By Steve Lewis
This weekend in Grand Cayman sees the North American regional qualifier for the 2020 Tokyo Olympics. For the Men, win and you’re in, for the Women, thanks to some world-class, World Rugby chicanery (more on that below), the top two finishers move on to the repechage tournament next year, probably in Europe.
I will be there coaching the Crocs and the Lady Crocs, the Jamaican Men and Women as they follow their Olympic dreams, and what a story it would be if this Caribbean nation could make it to Japan just over a year from now. The Mens competition features Jamaica, Cayman, Guyana, and Trinidad & Tobago in one group, with Canada, Bermuda. Mexico and Barbados in the other. With Mike Friday’s (USA) Eagles having automatically qualified after their stellar World Series season, Canada are the prohibitive favorites in this tournament, the only professional squad here,and with five months together before this weekend, no savvy gambler would bet against them. But it is 7’s, and the game is played on grass, not paper!
The Jamaican team, will have only 5 practices together before the weekend as the squad is comprised of two distinct groups, domestic Jamaican players and exiles from the diaspora, in this case the UK. But they do have talent and have been the dominant Caribbean team of late, qualifying for last years World Cup in San Francisco, this years Hong Kong tournament, and the upcoming Pan Am games in Lima, Peru. They will be looking to continue that regional dominance to ensure a crack at the Canucks in the final on Sunday afternoon. A ticket to Tokyo would be theultimate reward for Jamaica, an island whose athletic DNA is never in question, and who could be a competitive force in World 7’s in short order. I grew up when the West Indies’ Calypso Kings dominated world cricket, and while they are no longer top dogs at the crease, they punch well above their weight in track and field. American rugby has always been obsessed with crossover athletes, and in Jamaica, track and field is where they are, some of the fastest humans on the planet won’t crack the Jamaican Olympic sprint squad, but if they can just catch a ball…. The financial struggle is real however, government funding of sport is minimal, the game remains a niche one on the island, and despite the indefatigable efforts of JRFU Chairman Jerry Benzwick, 7’s program manager Bruce Martin, and the UK-based Hughton Campbell, sponsors are hard to come by.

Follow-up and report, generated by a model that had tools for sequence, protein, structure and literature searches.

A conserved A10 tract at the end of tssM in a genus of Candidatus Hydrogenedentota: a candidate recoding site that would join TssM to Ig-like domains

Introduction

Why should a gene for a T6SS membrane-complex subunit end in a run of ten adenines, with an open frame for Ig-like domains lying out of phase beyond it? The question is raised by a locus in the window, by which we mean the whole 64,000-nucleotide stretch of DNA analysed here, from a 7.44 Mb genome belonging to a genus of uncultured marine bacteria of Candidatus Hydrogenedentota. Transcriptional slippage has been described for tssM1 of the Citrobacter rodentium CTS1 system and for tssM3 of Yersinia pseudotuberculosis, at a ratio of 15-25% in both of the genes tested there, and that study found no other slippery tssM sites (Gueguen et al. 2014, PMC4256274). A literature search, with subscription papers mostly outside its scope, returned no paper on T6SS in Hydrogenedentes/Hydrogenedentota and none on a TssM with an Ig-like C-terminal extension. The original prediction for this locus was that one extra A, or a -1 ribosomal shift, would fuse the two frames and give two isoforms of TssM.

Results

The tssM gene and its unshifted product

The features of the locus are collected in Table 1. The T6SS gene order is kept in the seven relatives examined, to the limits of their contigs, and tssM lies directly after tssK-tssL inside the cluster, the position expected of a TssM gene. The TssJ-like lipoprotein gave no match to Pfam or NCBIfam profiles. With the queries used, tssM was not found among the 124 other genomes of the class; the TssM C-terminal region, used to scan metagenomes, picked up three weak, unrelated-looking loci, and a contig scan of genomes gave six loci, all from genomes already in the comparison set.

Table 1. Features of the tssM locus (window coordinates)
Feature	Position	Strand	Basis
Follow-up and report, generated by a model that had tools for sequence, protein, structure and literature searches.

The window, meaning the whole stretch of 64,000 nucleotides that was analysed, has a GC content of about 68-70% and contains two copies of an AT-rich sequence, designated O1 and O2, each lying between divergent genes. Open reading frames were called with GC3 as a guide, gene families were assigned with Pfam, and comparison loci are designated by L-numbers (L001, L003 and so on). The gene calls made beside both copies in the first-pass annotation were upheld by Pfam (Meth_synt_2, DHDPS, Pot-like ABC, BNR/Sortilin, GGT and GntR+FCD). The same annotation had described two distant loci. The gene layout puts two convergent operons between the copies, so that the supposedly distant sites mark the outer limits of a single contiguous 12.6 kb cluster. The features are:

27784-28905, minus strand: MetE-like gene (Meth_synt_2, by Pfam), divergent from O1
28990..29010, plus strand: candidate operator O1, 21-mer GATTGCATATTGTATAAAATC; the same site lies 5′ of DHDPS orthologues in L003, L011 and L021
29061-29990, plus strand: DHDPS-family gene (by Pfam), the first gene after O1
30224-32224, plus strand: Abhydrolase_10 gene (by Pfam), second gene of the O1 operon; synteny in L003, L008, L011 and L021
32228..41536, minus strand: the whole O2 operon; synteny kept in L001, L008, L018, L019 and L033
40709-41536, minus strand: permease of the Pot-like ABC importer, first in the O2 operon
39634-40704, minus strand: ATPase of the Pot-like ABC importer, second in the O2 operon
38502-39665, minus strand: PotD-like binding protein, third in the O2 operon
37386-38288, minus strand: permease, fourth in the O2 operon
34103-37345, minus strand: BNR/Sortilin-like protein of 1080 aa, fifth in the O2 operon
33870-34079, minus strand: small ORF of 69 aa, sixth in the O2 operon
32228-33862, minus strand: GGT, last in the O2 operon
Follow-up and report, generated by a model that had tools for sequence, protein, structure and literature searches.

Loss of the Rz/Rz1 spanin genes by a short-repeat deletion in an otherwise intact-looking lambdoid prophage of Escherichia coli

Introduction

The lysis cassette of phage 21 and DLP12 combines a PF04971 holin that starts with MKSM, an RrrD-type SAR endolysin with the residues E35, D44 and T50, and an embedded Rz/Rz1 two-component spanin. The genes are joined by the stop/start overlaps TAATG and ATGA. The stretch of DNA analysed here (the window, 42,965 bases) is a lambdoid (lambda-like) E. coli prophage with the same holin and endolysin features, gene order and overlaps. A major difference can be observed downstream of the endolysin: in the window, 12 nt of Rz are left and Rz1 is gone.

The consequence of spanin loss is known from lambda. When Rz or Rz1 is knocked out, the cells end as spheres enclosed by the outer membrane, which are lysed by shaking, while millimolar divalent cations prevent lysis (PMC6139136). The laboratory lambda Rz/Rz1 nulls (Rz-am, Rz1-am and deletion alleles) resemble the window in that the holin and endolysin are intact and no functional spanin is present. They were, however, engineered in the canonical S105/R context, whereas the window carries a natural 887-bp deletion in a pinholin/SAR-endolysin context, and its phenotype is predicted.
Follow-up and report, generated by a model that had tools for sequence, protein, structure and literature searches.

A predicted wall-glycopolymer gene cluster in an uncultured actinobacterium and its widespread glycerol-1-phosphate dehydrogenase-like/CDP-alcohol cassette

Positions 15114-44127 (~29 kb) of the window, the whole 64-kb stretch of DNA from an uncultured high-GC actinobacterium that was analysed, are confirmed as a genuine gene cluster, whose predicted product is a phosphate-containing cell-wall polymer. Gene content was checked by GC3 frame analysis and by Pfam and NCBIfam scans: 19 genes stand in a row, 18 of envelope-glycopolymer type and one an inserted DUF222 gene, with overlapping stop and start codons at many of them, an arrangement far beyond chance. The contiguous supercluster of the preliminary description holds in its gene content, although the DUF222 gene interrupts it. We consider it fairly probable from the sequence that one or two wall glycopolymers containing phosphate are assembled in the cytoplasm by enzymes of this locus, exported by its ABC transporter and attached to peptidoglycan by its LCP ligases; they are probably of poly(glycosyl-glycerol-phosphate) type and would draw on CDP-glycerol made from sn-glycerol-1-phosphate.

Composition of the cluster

This lack of resources extends to the Womensteam with no home facility, transport issues, kit issues, and life’s daily challenges light years away from the experience that Womensplayers have in Tier 1 countries. The Lady Crocs will face Mexico, Bermuda, Bahamas, Trinidad & Tobago, and St. Lucia in their battle to advance, with the United States and Canada already qualified due to finishing in the top four of the World Series. Which brings us back to World Rugby, who altered their own qualification rules AFTER the start of the competitive cycle, when it became clear that the two North American behemoths would qualify. So now, Rugby Americas North (RAN) is the ONLY region without an automatic qualifier, inexplicable and inexcusable, given that Oceania, where Australia and New Zealand also qualified through the same process at the same World Series, retain theirs. Sporting colonialism is alive and well and there for all to see in this decision, and as they say in Kingston, “if it not go so, it go near so”
So for Jamaica and other Caribbean countries,who will always struggle on the world stage at fifteens, but who could EXCEL at 7’s, what comes first, the chicken or the egg? Do you need resources to realize your potential and get a result, or do you need a result first to get the attention that gets you the resources?Either way, multiple teams will be looking for a result this weekend, and I wish all those competing a safe and rewarding weekend, and someday soon, the resources to unlock all that Jamaican and Caribbean rugby potential.
Copyright Steve Lewis 2019